Little Becomes Much

March 18, 2014

My tweet in response.

Today I read a statement in my Twitter timeline that caused me to stop for a few minutes. Someone I follow tweeted that next year this time or not long after they will no longer be working on "this plantation." And I immediately said to myself, 'yes, you will.' 

It's not the first time I've seen or heard someone refer to the company they work for as a plantation and it's not the first time I found it in poor taste. But, today, it struck me because I've been thinking a great deal about perspective for the past few months. And so, I realize the reason it always bothers me is because I believe the person is missing the point of where they are in the moment; I dare say their perspective is a bit murky.

This afternoon, when I stopped I thought back to all the positions I've had throughout my career  since receiving my bachelor's degree. I won't go over my course now, as I've written about it here before ... But, I will say the path was winding and involved quite a few of what I considered, at a time, valleys. I'm saying this now and in response to the tweet today because I believe so much of what I've been able to accomplish professionally was because I looked into every stop along the way for an opening to "next"  from my first position as a stringer at the local newspaper to working as a desk clerk at the YMCA a few years later. Of note, I worked at the YMCA for nearly a year after receiving my master's degree and with six years experience as a journalist. You could call my former supervisor from the Y today and, I assure you, she would say that I was one of the best desk workers she ever had there, and I'm not bragging. What I'm telling you is that yes! I wanted a better job ... one actually in my career field and one that paid better and one that I didn't feel like I had to explain to everyone who came through the door and knew either that I'd just graduated with an advanced degree or simply that they'd read my byline as a beat reporter for several years. I wanted to be working in a position that my two degrees earned me. I digress, you get my point. Even with all of that, I worked like I was the CEO of the YMCA because no matter where I was working, I never wanted to be mediocre. Zechariah 4:10 says, despise not small beginnings, for the Lord rejoices to see the work begin ...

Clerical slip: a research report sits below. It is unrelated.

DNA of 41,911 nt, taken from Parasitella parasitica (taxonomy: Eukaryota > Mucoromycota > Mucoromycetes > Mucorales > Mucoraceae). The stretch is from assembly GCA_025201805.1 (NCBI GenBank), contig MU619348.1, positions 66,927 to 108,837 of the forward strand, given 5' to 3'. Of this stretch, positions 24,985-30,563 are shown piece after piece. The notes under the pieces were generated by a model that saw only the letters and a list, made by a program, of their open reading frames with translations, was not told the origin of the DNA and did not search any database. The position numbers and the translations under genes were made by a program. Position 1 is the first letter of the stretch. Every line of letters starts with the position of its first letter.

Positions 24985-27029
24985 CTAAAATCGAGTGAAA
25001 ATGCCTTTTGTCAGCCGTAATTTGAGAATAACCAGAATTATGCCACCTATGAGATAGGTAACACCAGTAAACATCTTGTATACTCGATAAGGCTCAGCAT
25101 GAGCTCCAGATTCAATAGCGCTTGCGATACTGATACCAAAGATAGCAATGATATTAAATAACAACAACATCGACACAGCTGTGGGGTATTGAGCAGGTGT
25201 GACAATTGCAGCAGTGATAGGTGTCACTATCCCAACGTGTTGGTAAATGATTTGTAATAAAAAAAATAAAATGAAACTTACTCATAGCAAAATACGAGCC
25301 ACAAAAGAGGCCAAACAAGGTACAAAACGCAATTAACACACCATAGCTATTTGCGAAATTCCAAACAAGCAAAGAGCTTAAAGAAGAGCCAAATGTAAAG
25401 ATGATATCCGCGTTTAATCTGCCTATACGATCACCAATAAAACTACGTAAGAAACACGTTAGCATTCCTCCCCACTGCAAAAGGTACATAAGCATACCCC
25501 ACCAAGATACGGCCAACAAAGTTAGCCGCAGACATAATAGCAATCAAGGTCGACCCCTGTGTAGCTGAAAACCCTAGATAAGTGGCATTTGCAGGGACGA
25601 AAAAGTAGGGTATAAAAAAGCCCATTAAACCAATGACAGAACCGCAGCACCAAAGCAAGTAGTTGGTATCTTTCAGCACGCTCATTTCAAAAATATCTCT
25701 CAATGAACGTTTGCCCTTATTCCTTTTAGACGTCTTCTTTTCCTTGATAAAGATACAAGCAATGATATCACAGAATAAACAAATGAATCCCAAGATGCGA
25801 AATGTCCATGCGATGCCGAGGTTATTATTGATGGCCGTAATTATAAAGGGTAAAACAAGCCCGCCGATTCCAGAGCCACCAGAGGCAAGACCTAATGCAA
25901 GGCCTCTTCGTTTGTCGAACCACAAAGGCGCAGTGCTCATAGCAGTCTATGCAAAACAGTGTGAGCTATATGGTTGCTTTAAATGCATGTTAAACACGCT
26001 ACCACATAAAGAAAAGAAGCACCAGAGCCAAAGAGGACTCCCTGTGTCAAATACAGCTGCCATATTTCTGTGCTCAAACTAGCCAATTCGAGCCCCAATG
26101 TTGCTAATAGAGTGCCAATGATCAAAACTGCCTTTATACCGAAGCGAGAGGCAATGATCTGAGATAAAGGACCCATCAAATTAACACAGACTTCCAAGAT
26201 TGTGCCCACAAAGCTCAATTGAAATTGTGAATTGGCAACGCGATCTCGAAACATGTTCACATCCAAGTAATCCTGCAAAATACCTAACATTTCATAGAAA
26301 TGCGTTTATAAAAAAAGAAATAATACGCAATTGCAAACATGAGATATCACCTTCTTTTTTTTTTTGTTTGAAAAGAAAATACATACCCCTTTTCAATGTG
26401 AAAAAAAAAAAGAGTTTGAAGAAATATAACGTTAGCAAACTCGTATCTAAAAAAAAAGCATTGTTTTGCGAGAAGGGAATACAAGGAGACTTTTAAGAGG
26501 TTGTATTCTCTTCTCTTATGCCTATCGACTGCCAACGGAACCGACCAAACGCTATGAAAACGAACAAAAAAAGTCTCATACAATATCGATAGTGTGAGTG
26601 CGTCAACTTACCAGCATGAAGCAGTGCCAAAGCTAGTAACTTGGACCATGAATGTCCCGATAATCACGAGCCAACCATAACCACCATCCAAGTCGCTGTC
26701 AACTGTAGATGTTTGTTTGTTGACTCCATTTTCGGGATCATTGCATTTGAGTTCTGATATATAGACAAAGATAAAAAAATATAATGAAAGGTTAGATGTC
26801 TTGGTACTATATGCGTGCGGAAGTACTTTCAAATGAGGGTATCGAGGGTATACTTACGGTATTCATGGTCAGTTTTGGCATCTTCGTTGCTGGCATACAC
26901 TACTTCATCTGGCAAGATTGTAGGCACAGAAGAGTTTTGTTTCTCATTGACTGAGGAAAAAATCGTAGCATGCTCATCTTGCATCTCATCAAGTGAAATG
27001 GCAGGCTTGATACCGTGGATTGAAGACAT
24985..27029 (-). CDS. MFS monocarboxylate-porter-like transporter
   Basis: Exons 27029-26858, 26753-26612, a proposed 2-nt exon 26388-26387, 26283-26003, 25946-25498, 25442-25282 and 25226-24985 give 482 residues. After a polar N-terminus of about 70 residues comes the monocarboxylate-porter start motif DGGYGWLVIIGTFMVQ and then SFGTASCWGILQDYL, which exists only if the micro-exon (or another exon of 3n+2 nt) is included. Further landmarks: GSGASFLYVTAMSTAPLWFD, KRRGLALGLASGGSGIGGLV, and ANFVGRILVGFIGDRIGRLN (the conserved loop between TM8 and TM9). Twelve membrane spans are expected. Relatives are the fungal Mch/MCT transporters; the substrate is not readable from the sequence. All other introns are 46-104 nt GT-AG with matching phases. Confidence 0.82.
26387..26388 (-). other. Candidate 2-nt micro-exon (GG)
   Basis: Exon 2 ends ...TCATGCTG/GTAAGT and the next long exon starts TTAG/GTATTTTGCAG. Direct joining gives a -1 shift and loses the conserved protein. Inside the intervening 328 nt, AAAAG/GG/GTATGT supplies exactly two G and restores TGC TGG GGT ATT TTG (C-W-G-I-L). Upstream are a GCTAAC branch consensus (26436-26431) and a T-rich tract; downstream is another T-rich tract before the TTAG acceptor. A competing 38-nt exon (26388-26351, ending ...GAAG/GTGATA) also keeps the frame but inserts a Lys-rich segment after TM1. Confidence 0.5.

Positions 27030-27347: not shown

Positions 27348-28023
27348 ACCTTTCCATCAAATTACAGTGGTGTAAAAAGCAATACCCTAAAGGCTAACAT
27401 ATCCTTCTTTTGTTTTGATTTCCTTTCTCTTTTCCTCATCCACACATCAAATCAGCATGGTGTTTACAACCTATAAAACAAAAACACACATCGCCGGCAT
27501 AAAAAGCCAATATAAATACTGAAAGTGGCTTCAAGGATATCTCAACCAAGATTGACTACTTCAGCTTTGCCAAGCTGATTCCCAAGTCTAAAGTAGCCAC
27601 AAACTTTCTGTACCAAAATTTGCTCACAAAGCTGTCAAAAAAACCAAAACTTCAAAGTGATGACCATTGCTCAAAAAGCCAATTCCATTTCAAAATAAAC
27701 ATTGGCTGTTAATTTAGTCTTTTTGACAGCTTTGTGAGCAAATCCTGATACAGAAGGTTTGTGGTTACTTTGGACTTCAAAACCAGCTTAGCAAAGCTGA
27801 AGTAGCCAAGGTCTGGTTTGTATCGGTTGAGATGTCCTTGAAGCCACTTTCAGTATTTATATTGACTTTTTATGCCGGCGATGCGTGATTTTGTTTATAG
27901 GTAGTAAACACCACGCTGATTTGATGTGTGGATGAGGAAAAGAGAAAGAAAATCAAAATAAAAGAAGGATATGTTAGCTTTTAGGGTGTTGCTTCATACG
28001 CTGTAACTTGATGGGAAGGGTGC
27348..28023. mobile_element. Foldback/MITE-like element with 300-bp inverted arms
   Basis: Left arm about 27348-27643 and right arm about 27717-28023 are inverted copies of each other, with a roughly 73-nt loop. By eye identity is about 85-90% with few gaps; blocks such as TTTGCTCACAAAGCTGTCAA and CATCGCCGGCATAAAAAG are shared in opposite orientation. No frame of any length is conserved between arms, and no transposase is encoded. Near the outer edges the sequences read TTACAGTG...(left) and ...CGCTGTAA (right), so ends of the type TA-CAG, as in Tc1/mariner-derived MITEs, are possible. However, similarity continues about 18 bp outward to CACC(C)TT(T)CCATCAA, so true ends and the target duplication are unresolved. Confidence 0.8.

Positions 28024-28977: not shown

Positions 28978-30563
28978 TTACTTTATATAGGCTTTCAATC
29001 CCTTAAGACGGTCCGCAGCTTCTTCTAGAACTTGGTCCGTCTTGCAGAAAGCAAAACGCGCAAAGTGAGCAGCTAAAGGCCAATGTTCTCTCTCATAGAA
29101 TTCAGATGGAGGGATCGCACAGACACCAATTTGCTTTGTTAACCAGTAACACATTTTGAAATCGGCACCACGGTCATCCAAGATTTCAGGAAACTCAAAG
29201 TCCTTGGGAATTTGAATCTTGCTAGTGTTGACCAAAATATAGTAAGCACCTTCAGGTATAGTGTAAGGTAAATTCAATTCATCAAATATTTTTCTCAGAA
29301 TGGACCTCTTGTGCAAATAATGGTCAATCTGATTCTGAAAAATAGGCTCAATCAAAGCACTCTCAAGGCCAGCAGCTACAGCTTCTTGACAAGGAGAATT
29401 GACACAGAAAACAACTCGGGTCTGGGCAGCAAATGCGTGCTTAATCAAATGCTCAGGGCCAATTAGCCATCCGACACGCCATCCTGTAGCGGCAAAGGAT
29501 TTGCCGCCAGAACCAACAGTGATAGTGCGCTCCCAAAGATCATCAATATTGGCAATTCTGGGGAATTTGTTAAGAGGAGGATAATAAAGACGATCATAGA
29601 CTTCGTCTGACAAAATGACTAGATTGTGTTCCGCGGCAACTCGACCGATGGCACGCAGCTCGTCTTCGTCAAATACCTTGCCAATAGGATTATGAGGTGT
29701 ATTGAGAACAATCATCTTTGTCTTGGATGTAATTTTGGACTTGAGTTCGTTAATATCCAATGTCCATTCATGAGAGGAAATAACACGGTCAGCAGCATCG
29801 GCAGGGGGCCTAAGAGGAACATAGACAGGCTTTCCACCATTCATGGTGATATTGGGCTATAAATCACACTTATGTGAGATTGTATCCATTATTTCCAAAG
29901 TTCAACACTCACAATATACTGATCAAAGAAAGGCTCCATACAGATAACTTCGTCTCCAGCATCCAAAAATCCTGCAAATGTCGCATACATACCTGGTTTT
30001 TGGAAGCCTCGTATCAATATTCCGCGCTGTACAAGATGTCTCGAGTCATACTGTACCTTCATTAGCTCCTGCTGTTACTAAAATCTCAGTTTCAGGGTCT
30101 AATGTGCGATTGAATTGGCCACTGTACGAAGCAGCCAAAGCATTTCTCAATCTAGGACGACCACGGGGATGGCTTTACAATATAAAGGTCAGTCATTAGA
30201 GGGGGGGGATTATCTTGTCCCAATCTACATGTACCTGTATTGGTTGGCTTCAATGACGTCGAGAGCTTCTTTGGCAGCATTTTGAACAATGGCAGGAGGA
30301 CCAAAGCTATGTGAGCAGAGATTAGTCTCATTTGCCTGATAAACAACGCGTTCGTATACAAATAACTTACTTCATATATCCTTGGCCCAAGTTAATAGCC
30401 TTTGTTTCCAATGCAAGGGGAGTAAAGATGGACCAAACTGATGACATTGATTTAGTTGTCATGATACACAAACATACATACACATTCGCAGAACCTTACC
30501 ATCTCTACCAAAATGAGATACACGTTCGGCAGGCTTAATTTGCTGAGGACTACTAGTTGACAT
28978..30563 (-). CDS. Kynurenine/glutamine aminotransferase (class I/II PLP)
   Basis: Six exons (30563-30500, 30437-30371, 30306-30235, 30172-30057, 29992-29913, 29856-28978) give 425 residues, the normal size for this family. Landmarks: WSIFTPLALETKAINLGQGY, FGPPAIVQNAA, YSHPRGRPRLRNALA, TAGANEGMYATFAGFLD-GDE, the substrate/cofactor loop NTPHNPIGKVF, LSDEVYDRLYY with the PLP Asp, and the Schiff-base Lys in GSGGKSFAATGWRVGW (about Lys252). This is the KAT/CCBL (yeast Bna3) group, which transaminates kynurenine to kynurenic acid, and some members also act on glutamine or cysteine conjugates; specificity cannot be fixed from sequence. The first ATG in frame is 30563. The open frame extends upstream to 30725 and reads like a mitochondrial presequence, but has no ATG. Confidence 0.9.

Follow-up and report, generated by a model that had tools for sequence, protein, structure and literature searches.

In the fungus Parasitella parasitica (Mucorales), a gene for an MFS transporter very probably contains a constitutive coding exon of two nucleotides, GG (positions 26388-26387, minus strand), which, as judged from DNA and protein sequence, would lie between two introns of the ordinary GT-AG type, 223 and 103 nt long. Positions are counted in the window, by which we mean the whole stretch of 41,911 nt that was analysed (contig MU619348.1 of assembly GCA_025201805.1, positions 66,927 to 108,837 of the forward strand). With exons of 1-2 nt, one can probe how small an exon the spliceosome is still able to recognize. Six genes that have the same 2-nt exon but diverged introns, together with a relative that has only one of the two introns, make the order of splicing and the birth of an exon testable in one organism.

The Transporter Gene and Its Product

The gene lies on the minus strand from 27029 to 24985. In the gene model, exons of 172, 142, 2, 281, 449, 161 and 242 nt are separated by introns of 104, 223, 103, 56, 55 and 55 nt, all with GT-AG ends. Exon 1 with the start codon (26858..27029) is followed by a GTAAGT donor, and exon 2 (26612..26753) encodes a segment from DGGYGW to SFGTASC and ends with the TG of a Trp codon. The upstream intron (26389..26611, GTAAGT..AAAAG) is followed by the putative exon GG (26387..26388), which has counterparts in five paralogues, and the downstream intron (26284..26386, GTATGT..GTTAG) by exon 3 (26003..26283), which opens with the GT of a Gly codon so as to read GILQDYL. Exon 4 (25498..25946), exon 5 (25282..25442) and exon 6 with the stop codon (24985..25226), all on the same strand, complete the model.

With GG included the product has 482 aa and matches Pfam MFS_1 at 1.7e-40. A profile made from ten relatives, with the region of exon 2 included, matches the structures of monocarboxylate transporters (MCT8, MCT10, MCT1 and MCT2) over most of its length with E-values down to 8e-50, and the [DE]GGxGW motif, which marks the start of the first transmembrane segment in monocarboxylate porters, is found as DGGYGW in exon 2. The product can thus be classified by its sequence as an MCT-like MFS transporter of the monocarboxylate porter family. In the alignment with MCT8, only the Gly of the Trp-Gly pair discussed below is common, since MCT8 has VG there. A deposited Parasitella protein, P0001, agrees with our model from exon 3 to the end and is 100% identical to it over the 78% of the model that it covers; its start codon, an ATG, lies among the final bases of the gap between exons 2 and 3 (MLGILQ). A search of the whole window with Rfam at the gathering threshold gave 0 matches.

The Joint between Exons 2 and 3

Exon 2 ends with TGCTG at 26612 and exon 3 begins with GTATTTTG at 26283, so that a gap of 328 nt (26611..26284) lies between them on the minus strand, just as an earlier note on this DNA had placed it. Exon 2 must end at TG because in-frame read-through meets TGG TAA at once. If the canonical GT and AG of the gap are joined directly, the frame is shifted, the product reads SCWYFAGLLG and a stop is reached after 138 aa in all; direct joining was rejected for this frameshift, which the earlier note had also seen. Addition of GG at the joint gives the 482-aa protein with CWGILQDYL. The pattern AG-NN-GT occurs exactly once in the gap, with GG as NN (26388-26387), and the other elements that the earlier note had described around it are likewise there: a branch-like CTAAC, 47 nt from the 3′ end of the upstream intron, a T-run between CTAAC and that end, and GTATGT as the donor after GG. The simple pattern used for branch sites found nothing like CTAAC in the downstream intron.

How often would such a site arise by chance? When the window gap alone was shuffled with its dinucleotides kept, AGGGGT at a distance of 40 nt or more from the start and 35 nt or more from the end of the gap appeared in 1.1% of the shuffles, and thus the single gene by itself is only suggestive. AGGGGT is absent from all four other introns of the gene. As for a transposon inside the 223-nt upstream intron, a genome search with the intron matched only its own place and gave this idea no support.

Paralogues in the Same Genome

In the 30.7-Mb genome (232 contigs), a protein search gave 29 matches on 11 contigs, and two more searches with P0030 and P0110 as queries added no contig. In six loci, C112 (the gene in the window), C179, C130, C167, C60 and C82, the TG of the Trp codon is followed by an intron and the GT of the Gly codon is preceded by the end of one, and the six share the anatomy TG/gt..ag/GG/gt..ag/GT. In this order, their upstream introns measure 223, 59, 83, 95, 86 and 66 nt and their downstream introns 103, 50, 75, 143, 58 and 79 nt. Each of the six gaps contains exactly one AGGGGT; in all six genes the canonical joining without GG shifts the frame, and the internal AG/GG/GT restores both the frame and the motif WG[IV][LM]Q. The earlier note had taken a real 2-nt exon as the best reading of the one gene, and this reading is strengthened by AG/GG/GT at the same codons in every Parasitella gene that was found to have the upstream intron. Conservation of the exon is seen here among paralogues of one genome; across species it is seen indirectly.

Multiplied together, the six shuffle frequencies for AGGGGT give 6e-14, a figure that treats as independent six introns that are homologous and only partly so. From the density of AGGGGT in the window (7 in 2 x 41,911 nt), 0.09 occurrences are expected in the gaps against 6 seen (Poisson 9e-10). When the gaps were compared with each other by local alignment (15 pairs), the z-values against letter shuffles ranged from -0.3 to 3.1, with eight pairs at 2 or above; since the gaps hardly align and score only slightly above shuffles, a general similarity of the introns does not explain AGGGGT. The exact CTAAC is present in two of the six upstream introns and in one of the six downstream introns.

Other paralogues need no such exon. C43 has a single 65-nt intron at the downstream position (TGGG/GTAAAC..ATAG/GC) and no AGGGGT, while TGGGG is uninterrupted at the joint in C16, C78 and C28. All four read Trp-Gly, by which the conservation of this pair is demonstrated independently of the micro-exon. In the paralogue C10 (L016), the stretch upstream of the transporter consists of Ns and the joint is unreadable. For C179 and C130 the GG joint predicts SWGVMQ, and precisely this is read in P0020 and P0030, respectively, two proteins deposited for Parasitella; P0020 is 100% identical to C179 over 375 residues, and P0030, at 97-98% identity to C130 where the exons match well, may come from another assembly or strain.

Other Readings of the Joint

I feel as if I've written this post a hundred times here (I have written about this subject a few times) and I'm okay with that because I don't believe it can be said enough that the way you do anything is the way you'll do everything. Keep the right perspective.

Whatever you're doing, be excellent. Be so excellent that you work yourself out of that position and that company; It's possible. Be humble ... You're not too good for what you're doing. If you think you are, step away because there are so many others who need that job. Understand that every station along the way is a place of cultivation. Be deliberate about finding something there that will be useful where you're trying to go. Consider even your setbacks motivation; Setbacks are proof that you're making attempts at progress. Give. Sow what you want to reap (and everyone doesn't need to know what you're sowing). Be kind. Attitude is half the battle. Learn to encourage yourself. So many times, people won't understand where you are and they won't be able to imagine where you're trying to go. But, your dreams are your responsibility so toughen up. 

And always, always keep going. Little becomes much with the right perspective.

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  1. One word for me, ouch. I am guilty of complaining too much about my job. I have gotten better about it in the last few years, but I definitely believe I wasted time not being thankful, growing and learning in previous years. And you are right, posts like these warrant being written time and time again because they are always relevant.

  2. SPOT ON. I too feel a way when people refer to a job as a "plantation." If anything, it's paying for the internet service you have to be able to tweet. Perspective is key. I was telling my brother the other day that at one point I took an internship that paid so little I didn't even know how I'd cover my bills, food, etc for six months. Yet, it was through that internship that I got the next internship that led to a full-time job I did for 8 years. 2 promotions later, I am thankful I took that internship.

  3. I love this! Keeping perspective is key no matter what job you're in. You never know who will help you get the job you really want. And...if you keep a negative attitude it will be impossible to spot the opportunity that's meant for you.

  4. Thank you so much for this. I'm in this current unhappy with my career zone but I will continue to do my best and excel until the time has come for me to move on.


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